Executive director of the UT Autism Project, Pamela Buchanan, said she has always had a passion to do something worthwhile while engaging in community service.
Buchanan received the outstanding faculty/staff volunteer award at the 2012 Tower Award ceremony Wednesday evening. Buchanan has worked with families dealing with autism for 15 years, and co-founded UTAP seven years ago. UTAP pairs an autistic child one-to-one with a UT student who becomes his or her parent, guardian and safety net, Buchanan said.
Students, faculty and staff gathered yesterday to honor the award recipients for their community service achievements.
Sponsored by UT Austin’s Volunteer and Service Learning Center, the Tower Awards attempt to recognize outstanding service volunteers who have demonstrated a dedication to community service within the UT community and beyond, said VSLC director Yvonne Loya.
“The ceremony’s name reflects the dedication of UT students, faculty and staff to community service, who take advantage of their education gained at UT and effectively use it within the UT Austin community and beyond,” said Gregory Vincent, vice president of the Division of Diversity and Community Engagement.
The award ceremony began in 1999 as the UT Volunteer Recognition Ceremony, recognizing student volunteers in the UT community. Ten years later, UT students noticed certain groups such as faculty, businesses, student organizations and academic service learning programs were unrecognized for their outstanding service for UT, so the ceremony was rebranded as the Tower Awards, giving credit to all those who went unnoticed for their acts of service in the past.
Buchanan was one of many members of the campus community recognized last night for making a difference through community service.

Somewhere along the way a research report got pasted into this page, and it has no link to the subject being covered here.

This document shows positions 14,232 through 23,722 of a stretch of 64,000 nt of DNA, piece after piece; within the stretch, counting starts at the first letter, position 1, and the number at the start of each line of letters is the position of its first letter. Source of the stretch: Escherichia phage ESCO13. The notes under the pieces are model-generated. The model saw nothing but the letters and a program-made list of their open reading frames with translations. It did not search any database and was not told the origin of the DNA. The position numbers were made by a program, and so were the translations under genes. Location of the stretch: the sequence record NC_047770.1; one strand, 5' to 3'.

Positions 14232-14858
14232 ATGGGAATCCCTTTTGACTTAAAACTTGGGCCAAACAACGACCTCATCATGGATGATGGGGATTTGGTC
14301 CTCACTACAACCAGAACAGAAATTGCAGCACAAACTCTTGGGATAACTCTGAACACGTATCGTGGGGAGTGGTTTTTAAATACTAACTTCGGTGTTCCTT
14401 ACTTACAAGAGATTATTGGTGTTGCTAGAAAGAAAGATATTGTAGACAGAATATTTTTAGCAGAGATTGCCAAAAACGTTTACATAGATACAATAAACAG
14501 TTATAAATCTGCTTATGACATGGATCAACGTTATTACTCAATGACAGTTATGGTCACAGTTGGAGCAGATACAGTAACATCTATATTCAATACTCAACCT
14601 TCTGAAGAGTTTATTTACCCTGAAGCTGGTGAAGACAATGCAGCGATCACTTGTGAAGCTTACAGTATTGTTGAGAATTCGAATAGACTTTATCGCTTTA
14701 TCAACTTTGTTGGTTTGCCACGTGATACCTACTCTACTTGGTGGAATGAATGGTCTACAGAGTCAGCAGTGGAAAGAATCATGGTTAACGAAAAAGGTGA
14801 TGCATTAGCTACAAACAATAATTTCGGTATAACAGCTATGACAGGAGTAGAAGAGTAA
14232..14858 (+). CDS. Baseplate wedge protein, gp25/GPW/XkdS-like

“Pamela has a wonderful energy and is completely committed to the children with whom she works,” said Candlelight Ranch executive director Harriet Pozen. “I have heard numerous times from her staff that she is an amazing person to work for.”
UTAP partners with Candlelight Ranch who hosts various campouts throughout the year for the autistic children and their student mentors.
Chief Service Officer for the mayor, Sly Majid, the ceremony’s keynote speaker, offered congratulations to everyone receiving awards and gave a comedic speech over the current generation’s unparalleled opportunities to spread ideas and make a difference through service. Majid showed various Internet memes to the audience, conveying the ease with which the current generation can spread a certain cultural phenomena with the click of a button.
“Our generation is the most educated generation ever,” Majid said. “We have the ability to enact positive change if we organize and educate ourselves.”
Texas Exes CEO and executive director Leslie Cedar subsequently presented Majid with the Glen Baumgart Alumni Award for Visionary Civic Engagement, which honors an outstanding UT alumni committed to community service.
Several students took home outstanding student volunteer awards, including Zachary Donaldson, Alpha Phi Omega service vice president, who won the gold presidential volunteer service award for completing more than 1,000 hours of service during the past 12 months. Alpha Phi Omega took home other awards, including the outstanding service project award for their Merit Badge University service project, which brings more than 5,000 Boy Scouts of America to UT in order to gain merit badges and get one step closer to their eagle scout rank.
The efforts of the UT community should be honored where so many are committed to service and to changing the world,
“UT is such a civically engaged campus, The Tower Awards are such a small sampling of all the service engagement throughout the year,” she said. “I wish we could award everyone for their service.”
Quoting the famous cultural anthropologist Margaret Mead, Majid said, “Never doubt that a small group of thoughtful, committed citizens can change the world.”